Tuesday, 6 March 2012

What's in a Name?

"What's in a name? that which we call a rose
By any other name would smell as sweet."
Even back in the time of Shakespeare, the utility and meaning of words was discussed.

Listening to the ridiculous saga of Rush Limbaugh and what he said about professional activist Sandra Fluke (aside: could a better name have been created by the best writers in Hollywood clustered around their Macbooks?  I don't think so), I have become increasingly irritated.  Not so much by the crapulence of Limbaugh's remarks or the faux outrage of the left, though both add a certain additional level of nausea to the mix.

No; by the crushing deployment of silly cliches and talking points.  

So, a modest proposal.  

Let's try a moratorium on the following words and phrases that, I humbly propose, have gone well past their sell-by-dates.

War on :  From the 1960s, we've had "wars on"
  1. poverty
  2. drugs
  3. terror
  4. science
  5. religion
To this lexicon, we've added the "war on women" to the mix, which essentially means, Republican opposition to any policies that involve women and which the speaker doesn't like.  The meme is now in heavy rotation among Democrats and left-wing chattering heads.  It's almost as if Chris Matthews gets paid a dime each time he says it.

There's no "war on women" any more than there is a "war on Christmas."  Let's declare an armistice to the fake battles.  We can have the signing ceremony on the deck of the HMS Pinafore.  Bill O'Reilly and Ed Schultz can attend the signing ceremony.

Occupy :  The "Occupy Wall Street" movement was a silly, though perhaps necessary and relevant protest to the bailout culture, which used tax money to prop up criminals who wrecked the economy.  Setting aside that the "occupation" was in a public park blocks from the NYSE, but OK.

The movement quickly went from poignant and appropriate to ridiculous and cliched.  Watching privileged trust-fund kids "occupying" Princeton down the road was an exercise in narcissism.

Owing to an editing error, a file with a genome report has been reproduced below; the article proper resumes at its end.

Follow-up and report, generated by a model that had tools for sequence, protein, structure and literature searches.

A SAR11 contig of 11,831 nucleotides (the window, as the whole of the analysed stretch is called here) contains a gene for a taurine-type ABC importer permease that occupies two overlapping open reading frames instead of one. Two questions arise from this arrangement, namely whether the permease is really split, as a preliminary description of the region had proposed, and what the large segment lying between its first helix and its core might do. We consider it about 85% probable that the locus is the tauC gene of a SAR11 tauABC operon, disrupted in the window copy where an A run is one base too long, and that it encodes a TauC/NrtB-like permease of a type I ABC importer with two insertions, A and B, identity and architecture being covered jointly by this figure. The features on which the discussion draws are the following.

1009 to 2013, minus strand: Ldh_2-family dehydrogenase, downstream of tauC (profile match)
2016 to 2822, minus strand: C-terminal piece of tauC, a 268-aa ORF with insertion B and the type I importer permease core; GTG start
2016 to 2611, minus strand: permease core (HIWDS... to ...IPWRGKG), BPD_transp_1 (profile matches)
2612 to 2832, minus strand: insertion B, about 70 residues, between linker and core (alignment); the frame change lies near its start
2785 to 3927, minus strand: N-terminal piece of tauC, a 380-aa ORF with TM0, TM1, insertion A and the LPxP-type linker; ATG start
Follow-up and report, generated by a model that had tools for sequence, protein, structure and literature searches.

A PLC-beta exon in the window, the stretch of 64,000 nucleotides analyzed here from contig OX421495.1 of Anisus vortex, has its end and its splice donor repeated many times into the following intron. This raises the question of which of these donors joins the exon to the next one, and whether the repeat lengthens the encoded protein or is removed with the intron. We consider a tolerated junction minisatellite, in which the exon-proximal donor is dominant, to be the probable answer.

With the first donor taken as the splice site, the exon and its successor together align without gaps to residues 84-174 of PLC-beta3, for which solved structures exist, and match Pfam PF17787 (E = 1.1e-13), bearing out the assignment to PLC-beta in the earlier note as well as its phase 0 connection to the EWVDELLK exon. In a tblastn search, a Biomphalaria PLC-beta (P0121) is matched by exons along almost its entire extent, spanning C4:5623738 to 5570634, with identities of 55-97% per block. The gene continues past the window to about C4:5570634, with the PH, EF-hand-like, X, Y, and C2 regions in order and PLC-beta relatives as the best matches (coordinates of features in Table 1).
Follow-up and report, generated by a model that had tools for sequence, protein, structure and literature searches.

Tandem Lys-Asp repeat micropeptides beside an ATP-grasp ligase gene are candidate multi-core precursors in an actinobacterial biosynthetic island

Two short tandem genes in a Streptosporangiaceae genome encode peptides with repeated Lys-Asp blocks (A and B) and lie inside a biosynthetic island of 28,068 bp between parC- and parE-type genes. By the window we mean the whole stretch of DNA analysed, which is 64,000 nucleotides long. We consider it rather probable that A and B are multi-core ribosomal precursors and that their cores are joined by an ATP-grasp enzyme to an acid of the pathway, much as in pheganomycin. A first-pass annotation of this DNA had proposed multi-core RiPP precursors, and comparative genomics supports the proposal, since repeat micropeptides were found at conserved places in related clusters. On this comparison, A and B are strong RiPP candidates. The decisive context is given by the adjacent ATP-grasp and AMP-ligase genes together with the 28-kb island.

Please; occupy a shower, and then a job.

Nuance:  One hears, ad nauseum, about how "nuanced" Mr Obama's positions are.  The dubious attacks on Libya - justified by more or less the same logic that Mr Bush used to back-fill the reasons for the attacks on Iraq (brutal dictator, bringing freedom, coalitions of allies) - are excused by Democratic apologistas. Frank Bruni (a former food critic who has followed Frank Rich from esoteric whiner to policy "expert") described how the president is "infinitely more nuanced" in how he arrived at his decisions than Bush.  Not sure how "nuance" can be quantified - maybe he considers Bush had one, and thus any figure in the numerator, divided by a naught in the denominator yields the figure? Tom Freidman (another NYT columnist) describes the president's policy towards China as "nuanced."  Blah blah blah.

Hemming and hawing and waiting for the poll figures to come in, while your propagandists concoct a logical cover in case things go south is not "nuance."  It's political cynicism.

Double Down: A relative newcomer, slung around by both left and right faster than "Brandi" can shuffle out the cards at Caesar's.  Basically, what is meant here is that your political opponent has made some decision that you don't like, and rather than (surprise surprise) proclaiming how brilliant YOU are, decides to stick with his decision. President Obama "doubles down" on his health care reform in pushing for contraceptive mandates.  Rick Santorum "doubles down" on his opposition to abortion by commenting on JFK.

Politics is not '21,' and neither of these guys as an Ace showing against a six.  Please; let's shuffle another deck and move on.

Doesn't Believe in Science: The most absurd of the lot, IMHO.  It's an attack that's been used both by the left (usually, with respect to climate change or evolution) or recently, the right (to describe President Obama's opposition to the Keystone XL project).  

"Science" is not a matter of faith.  There are axioms.  There are theories.  There is the gathering of evidence.  I do not have to "believe" that addition is reflexive and subtraction is not.  Every time someone accuses another of not "believing in science," I want to make the person kneel and repeat Goedel's Incompleteness Theorem 10 times and ask Alan Turing for absolution.

Hip: It used to mean the bones just below the waist.  Then it entered the lexicon to describe someone who did not live in the suburbs and drive a minivan.  It's used today, frequently, to describe the president.

What, exactly, makes Mr Obama "hip?"  I saw him warbling "Let's Stay Together" with Al Green a while back, and let's just say, I do not think Caesar's Palace is going to build a theatre for his exclusive performances following his exit from the White House.

A guy who wears dark blue denim jeans that look like his mom ironed them is not "hip" just because he happens to be well... you know...

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